About three years ago, when I was engineering editor for a weenie Euro-snob magazine and in constant envy of the cool tech and track tests SCC got to do, I came up with a master plan to blow Coleman and his four-bangers out of the water. It was a suspension shootout featuring stock BMW E46 M3s on a spec tire, each using a different-but-popular brand of aftermarket coilover suspension. The idea was to see how good our suspension tuners could do against an already supremely tuned factory hot rod. The idea was good, but no one in the Euro community cared, nor had any idea how to read a shock dyno graph. The story ended up being hacked into three forgettable parts on account of all the graphs and data collected, and discussed more on Subaru forums than by BMW owners.
Now I'm entrenched at the right magazine, we finally have the chance to revisit the topic of a proper suspension shootout. The format will be the same: spec tires, limited modifications and every imaginable detail of each suspension documented. The factory hot rod this time is Honda's S2000, something many aspiring weekend racers own, but all seem to have botched set-up jobs. Most S2000s we've seen on the street and the track are just cars on expensive parts, sitting on bump stops.
The planning started three months prior, even more time than we spend planning our annual USCC. By the time you read the article, the project will have spanned six complete months. Invitations have been sent out to every major and minor manufacturer of S2000 coilovers. The list is long and distinguished, including: TEIN, KW, Moton, J's Racing, Powerhouse Amuse, ASM, Tanabe, Ground Control, Bilstein, Koni, H&R, GReddy, HKS, Mugen, Comptech, Ohlins, JIC, Buddy Club, A&J Racing, Enduratech, and Cusco-in addition to a stock AP2 and the phenomenal CR. The test will be at Buttonwillow Raceway, running configuration 13, the same as our Super Lap Battle, so we have a performance reference against known time attack cars.
We've asked each tuner to bring out a near stock S2000, one modified to reflect what the average daily driven weekend warrior has. Each car shall be set up by its manufacturer, as per its alignment, including wheel size and stager specs using out-of-the-box spring rates and valving-exactly as on the retail shelves. So we don't end up with a handful of racecars, we've made certain limitations to the list of modifications. Each car has to have a stock 2.0- or 2.2-liter block with no internal modifications, head work or forced induction. We've allowed cams, manifolds, exhausts and intakes to even out the difference between the slightly lower-powered AP1s and the later 2.2-liter AP2s. Secretly, we know how little difference these hard parts make, since we've also outlawed changes to the stock ECU.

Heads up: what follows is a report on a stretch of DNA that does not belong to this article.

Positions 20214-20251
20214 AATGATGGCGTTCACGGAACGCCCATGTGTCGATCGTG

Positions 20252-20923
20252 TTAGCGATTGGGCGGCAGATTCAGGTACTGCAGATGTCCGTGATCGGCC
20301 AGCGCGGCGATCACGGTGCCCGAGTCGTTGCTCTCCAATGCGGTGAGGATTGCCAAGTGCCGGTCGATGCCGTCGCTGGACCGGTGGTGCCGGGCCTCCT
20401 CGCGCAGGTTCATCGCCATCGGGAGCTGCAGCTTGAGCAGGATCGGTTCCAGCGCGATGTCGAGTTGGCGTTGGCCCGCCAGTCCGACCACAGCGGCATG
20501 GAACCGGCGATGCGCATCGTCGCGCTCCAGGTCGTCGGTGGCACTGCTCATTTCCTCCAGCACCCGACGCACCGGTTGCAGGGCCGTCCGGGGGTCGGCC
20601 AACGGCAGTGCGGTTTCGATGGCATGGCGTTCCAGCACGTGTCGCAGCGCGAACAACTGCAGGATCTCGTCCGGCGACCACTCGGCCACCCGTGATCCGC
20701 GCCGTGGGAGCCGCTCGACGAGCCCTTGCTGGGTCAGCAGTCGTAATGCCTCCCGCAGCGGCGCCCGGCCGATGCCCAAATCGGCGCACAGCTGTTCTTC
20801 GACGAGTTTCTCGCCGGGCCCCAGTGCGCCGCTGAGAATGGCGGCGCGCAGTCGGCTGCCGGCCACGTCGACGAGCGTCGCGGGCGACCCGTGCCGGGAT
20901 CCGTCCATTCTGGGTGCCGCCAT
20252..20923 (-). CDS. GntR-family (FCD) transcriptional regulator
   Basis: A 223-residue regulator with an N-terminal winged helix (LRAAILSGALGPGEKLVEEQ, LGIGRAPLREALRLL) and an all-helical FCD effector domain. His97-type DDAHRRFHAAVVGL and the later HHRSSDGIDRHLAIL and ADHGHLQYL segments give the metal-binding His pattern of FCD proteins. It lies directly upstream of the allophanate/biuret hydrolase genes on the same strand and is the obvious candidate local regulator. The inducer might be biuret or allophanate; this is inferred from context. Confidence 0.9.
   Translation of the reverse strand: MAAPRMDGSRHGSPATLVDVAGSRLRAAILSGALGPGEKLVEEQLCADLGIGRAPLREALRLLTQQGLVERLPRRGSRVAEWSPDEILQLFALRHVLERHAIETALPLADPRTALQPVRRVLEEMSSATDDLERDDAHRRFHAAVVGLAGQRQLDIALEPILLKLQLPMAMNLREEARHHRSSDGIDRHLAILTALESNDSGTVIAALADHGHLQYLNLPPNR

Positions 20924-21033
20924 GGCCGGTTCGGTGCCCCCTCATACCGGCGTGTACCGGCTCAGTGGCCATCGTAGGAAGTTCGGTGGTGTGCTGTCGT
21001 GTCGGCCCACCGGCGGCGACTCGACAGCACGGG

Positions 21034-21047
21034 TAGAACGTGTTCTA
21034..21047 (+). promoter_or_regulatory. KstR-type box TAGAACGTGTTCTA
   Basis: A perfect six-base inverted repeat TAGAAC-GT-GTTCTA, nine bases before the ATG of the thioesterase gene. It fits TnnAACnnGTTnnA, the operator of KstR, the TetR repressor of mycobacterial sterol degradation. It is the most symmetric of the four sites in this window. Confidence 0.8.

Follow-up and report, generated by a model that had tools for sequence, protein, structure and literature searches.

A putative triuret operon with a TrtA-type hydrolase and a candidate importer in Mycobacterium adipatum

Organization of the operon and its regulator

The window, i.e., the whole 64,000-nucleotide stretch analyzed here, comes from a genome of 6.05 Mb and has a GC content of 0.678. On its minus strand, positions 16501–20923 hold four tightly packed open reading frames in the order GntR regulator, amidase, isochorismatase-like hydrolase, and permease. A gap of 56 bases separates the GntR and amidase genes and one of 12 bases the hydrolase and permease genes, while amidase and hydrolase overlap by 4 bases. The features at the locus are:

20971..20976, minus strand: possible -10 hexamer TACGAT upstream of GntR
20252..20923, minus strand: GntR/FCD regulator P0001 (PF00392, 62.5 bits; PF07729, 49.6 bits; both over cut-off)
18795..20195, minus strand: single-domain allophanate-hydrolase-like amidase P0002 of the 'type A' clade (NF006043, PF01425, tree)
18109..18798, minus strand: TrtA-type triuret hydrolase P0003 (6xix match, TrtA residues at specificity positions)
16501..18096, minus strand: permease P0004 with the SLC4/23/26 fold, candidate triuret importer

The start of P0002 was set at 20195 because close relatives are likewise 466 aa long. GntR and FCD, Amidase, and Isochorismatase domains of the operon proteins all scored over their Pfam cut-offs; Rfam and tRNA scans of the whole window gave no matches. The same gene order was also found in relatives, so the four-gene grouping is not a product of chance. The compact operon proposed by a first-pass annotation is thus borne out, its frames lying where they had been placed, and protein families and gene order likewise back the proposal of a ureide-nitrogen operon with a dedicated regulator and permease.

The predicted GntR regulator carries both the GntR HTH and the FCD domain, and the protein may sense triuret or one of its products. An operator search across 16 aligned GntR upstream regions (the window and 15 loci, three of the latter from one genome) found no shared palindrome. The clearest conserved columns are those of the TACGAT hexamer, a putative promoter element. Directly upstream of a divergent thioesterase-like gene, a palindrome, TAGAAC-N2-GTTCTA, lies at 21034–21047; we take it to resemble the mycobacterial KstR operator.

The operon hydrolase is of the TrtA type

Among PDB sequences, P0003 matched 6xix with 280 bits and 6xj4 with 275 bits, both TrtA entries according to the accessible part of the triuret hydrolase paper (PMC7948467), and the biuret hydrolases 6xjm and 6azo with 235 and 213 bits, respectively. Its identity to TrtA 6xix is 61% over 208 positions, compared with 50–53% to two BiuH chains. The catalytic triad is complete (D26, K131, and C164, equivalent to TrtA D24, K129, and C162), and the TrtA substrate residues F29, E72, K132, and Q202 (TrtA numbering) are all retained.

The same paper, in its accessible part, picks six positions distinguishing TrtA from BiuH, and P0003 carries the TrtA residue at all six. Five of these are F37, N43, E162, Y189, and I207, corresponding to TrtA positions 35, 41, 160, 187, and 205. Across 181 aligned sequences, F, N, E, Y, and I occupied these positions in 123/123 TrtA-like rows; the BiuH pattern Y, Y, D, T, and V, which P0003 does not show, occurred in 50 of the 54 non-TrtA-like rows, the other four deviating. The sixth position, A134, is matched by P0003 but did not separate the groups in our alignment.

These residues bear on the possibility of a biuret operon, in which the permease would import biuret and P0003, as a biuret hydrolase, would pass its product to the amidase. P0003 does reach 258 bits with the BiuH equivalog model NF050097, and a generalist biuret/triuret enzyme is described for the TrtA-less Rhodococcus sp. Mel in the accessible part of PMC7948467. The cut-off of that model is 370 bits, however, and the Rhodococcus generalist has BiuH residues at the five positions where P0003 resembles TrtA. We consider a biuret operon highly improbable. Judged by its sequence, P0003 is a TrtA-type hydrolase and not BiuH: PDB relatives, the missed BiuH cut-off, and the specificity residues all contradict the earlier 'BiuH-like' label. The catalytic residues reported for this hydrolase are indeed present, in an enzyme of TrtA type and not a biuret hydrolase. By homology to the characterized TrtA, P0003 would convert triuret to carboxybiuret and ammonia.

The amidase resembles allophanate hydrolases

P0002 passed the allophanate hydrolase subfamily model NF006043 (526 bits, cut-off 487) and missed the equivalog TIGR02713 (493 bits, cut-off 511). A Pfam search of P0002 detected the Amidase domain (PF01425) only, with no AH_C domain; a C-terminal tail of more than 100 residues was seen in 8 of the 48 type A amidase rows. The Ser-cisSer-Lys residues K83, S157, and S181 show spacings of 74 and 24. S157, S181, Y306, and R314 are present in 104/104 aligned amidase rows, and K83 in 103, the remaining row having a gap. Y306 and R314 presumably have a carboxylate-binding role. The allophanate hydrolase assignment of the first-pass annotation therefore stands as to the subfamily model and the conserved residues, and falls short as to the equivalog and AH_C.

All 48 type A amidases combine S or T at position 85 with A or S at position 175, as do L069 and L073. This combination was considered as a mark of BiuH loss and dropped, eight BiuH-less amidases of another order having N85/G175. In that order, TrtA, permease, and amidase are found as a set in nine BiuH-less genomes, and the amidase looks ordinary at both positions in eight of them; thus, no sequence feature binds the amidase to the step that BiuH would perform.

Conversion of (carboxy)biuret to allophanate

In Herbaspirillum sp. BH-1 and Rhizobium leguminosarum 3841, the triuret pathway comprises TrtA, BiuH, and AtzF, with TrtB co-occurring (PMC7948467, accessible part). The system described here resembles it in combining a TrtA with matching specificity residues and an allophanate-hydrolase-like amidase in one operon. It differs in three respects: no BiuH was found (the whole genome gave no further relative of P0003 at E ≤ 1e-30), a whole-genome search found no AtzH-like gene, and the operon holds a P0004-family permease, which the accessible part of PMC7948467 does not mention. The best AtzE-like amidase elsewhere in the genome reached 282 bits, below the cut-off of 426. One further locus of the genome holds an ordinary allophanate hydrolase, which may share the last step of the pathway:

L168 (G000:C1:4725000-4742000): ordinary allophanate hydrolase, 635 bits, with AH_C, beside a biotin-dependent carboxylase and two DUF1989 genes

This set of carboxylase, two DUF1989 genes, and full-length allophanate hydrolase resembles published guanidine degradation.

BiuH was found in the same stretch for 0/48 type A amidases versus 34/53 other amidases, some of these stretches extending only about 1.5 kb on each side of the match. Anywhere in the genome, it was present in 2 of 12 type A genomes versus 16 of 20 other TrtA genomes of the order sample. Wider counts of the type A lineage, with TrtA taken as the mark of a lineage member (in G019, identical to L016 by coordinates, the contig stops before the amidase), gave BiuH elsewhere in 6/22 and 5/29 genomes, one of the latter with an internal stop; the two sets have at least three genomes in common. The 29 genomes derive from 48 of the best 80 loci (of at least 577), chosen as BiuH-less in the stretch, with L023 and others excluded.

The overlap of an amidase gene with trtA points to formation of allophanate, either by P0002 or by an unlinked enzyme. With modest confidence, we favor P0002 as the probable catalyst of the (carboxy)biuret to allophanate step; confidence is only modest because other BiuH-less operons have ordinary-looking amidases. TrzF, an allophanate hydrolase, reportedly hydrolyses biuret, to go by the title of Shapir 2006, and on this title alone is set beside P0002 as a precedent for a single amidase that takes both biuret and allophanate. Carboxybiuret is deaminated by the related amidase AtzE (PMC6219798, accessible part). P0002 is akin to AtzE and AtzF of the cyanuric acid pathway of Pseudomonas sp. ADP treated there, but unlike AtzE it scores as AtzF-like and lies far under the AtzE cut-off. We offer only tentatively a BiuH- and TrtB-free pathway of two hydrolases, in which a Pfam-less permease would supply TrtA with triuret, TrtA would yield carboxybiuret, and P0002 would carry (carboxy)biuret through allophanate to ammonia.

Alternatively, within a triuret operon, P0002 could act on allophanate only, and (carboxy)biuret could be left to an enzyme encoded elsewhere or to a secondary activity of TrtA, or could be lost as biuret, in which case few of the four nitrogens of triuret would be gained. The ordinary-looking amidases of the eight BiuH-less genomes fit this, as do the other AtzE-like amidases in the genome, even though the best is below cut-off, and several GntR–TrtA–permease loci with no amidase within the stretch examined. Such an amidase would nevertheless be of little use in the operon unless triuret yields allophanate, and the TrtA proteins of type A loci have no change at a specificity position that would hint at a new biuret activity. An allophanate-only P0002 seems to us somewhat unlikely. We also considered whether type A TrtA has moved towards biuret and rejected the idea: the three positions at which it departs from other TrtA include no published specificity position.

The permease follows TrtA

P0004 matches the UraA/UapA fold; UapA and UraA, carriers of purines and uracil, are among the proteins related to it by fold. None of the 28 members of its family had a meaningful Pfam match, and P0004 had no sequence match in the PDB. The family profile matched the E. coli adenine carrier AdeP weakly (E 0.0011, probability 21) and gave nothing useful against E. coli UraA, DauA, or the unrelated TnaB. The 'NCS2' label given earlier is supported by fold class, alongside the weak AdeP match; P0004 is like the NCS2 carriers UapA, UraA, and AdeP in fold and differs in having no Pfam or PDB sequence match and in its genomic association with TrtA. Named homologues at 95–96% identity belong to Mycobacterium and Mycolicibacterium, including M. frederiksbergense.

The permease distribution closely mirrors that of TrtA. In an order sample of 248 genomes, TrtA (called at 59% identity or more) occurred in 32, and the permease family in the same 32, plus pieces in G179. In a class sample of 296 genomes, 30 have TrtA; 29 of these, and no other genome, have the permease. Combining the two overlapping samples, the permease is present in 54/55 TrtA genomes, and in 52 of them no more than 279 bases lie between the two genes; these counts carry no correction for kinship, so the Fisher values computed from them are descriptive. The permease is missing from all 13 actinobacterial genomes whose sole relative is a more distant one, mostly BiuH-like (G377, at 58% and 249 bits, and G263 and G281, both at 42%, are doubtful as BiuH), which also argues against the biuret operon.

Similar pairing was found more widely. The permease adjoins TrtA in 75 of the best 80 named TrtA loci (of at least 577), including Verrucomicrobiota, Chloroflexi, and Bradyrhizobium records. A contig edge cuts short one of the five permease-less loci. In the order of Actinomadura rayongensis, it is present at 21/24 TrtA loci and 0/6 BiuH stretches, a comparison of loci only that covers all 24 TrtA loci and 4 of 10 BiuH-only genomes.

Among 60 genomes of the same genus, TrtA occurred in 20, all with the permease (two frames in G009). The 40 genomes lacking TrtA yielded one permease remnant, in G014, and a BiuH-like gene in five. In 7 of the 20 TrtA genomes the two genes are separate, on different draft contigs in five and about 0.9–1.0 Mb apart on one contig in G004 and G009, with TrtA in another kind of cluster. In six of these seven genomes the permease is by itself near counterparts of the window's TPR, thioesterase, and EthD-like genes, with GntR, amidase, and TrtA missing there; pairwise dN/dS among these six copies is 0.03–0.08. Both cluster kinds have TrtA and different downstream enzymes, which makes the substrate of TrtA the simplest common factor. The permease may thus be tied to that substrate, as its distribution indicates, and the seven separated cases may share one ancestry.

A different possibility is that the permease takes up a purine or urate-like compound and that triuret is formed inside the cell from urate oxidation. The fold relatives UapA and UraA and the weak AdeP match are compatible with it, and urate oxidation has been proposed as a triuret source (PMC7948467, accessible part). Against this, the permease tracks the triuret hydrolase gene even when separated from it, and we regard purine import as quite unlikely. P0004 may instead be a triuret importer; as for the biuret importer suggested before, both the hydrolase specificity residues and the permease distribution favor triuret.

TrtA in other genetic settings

Continental Tires is providing our official spec tire, with tires in any size under 265 width. The new Ultra-High Performance Continental Sportcontact3 (which is OEM on high-end BMWs and Porsches) was chosen, as it's the best middle ground that S2000 owners can get, ranging from race compounds to el-cheapo grocery getters. Using UHP tires also levels the playing field between full race suspensions designed to use high spring rates with super-sticky tires and the average street performance suspension.
To make the test comprehensive, we will shock-dyno each damper, weigh every car and test each car's power output-so there will be no argument as to why Car A is faster than Car B. Then our own racer-boy hot-shoe, Andy Hope, will take five consecutive hot laps for lap times and telemetry data. Editor Leh and all-around nerd, Mike Kojima, will also test each car for driveability and civility.
In the end, we won't declare a winner. We'll just provide the hordes of data we've amassed for your bench racing pleasure. Buy the magazine, scour through the data and decide for yourself what suspension is ultimately best for you. In the meantime, we'll be formulating yet another ber-geek shootout for the forum monkeys to debate and get upset over.